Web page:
Arie van der Lugt inspired by Louk Fleischhacker
The syllabus 'Philosophy of Mathematical Thought and Information Technology' is on his desk. “That was the teaching material that was used for one of the subjects that I took with Louk Fleischhacker. I found it when I was clearing out my parents’ house”, Arie van der Lugt (1968) explains.
Van der Lugt, senior lecturer at the Faculty of Psychology and Neurosciences, studied Information Science at the University of Twente at the end of the nineteen-eighties. “I thought that as a graduate in this subject, I would get rich quickly and I was good in mathematics. It turned out to be a bitter disappointment because the content didn’t captivate me. I have a philosophical predisposition; I tend to think about thought. That is why I chose the post-graduate programme of the Philosophy of Science, Engineering and Society after the foundation course. This was a programme offered to engineers in training who lacked academic reflection.”
It was because of the philosopher and mathematician Fleischhacker, with whom he took three subjects, that he completed his study of Information Science after all. Van der Lugt: “He was capable of making dry material come to life. One of the ways in which he did so, was by using everyday examples and by reciting poetry with a bombastic voice during his lectures. Louk was an extremely clever and wonderful philosopher. An oral exam with him was an adventure in itself. You joined a great thinker in the boxing ring. At the time he smoked a pipe, which was still possible in those days. I can still see him standing in front of me with his pipe in his right hand, a short beard and that beautiful, deep voice.”
In addition to inspiration, Fleischhacker also incited fear of failing. Van der Lugt: “I constantly felt like I was pushing myself to the limit. My thinking reached the limits of what I myself could comprehend. ‘Whereof one cannot speak, thereof one must be silent,’ said the philosopher Wittgenstein. Well, that idea. For fear of disappointing him and myself, I chose a different lecturer as a supervisor for my graduation research.”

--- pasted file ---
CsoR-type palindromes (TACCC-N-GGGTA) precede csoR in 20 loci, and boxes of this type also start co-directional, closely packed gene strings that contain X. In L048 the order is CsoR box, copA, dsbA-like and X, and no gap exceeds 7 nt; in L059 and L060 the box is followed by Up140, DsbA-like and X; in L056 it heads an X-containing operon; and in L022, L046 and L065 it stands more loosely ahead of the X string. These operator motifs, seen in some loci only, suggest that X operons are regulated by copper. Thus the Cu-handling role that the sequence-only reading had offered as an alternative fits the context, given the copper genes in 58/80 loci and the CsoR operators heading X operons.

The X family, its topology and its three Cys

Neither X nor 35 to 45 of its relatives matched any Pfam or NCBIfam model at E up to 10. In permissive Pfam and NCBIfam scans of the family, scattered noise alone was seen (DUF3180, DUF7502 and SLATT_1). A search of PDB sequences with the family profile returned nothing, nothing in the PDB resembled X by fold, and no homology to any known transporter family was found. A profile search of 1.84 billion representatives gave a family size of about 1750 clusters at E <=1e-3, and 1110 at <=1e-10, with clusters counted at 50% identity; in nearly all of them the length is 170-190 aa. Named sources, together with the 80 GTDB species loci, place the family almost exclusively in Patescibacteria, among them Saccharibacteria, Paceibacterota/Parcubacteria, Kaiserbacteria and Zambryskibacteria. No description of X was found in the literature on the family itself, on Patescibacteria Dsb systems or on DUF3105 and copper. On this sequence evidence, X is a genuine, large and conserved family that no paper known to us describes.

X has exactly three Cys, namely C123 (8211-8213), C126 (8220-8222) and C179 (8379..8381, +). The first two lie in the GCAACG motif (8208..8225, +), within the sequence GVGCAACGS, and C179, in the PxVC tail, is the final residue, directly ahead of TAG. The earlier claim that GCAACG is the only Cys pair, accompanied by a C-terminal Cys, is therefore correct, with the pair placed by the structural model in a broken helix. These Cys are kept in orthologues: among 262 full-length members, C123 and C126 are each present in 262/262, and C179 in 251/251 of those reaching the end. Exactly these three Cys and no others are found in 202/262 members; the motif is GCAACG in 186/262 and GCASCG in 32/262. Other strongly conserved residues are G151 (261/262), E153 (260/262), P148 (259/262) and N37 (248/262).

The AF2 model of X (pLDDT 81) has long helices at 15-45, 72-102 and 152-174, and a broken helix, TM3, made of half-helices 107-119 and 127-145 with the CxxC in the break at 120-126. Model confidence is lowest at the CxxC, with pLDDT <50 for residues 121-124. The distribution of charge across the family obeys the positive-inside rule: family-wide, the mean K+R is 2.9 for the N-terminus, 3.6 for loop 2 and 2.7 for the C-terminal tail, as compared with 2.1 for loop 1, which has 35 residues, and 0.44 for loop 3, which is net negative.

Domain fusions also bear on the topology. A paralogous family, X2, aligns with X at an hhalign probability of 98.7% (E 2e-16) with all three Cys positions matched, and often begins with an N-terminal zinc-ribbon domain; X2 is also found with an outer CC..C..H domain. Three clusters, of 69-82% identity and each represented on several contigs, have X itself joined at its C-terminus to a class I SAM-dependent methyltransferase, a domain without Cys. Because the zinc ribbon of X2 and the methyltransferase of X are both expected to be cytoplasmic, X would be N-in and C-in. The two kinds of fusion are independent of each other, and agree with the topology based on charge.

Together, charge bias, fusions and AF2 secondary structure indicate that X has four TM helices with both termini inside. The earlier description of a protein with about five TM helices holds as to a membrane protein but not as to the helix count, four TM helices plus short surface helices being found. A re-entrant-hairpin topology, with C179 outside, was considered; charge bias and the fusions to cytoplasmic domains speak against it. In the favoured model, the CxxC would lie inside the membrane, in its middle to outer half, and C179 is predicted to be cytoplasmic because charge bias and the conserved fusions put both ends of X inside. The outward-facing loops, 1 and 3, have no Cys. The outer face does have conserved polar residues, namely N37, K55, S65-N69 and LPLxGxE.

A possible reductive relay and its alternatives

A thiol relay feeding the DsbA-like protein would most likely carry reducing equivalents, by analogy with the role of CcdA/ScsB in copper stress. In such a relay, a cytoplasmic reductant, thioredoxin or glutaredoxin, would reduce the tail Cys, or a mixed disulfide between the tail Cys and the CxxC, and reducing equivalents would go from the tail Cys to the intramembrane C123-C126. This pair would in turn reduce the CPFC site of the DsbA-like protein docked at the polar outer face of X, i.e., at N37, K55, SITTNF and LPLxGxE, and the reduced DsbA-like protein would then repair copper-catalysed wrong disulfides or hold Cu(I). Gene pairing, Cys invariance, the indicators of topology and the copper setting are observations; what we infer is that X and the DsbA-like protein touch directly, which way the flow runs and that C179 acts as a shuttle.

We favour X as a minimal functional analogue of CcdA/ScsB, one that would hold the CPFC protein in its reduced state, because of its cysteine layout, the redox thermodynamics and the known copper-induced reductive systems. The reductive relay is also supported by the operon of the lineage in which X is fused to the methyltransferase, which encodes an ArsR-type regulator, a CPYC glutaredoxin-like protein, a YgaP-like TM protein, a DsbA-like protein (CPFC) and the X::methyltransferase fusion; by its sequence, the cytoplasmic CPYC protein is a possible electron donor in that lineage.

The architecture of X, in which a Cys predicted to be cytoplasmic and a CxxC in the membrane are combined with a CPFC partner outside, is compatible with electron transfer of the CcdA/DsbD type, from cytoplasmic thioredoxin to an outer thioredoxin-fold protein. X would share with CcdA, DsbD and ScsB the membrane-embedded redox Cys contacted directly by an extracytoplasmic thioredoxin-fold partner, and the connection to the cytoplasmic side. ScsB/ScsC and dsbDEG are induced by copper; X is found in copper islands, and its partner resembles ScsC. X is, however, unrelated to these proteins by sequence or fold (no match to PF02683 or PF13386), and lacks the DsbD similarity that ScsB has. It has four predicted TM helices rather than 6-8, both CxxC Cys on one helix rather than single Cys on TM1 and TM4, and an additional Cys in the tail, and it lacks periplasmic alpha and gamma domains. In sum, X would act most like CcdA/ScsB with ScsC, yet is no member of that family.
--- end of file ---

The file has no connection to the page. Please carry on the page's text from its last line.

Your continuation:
They stayed in touch. “I sent him an e-mail every now and again, for example when he won the education award. And when I started to teach the Critical Thinking subject at this faculty - a direct result of his lectures - I contacted him. I asked him if I could use parts of his teaching materials and let him know then that it was his lectures that had enlightened me. That it was because of him that I knew why I was at university.”
Fleischhacker died in 2006. “I heard the news from a fellow-student who had read it in the newspaper.” Van der Lugt gets up and sits at his computer so he can search for the obituary notice. He comes across his opening lecture for the subject he teaches and opens the second slide entitled ‘in memoriam’. A photograph of Fleischhacker in the top left-hand corner, in the centre his name and the years 1937 – 2006 with below them the words ‘als wij zijn, is de dood niet; als de dood is, zijn wij niet’ (if we are, then death is not; if we are dead, then we are not).
“I always dedicate my introductory lecture to him. I even named a teddy bear after him. I found that bear by the side of the motorway, during my time as a student, returning home from Prague. Dirty, old and worn, but I just had to take it with me. For a long time it was on top of a cupboard in my living room. It now sits in the garage and every time I go in there, I look at it and say: ‘Hey, Louk.’”
This is a series in which researchers talk about the person who inspired them most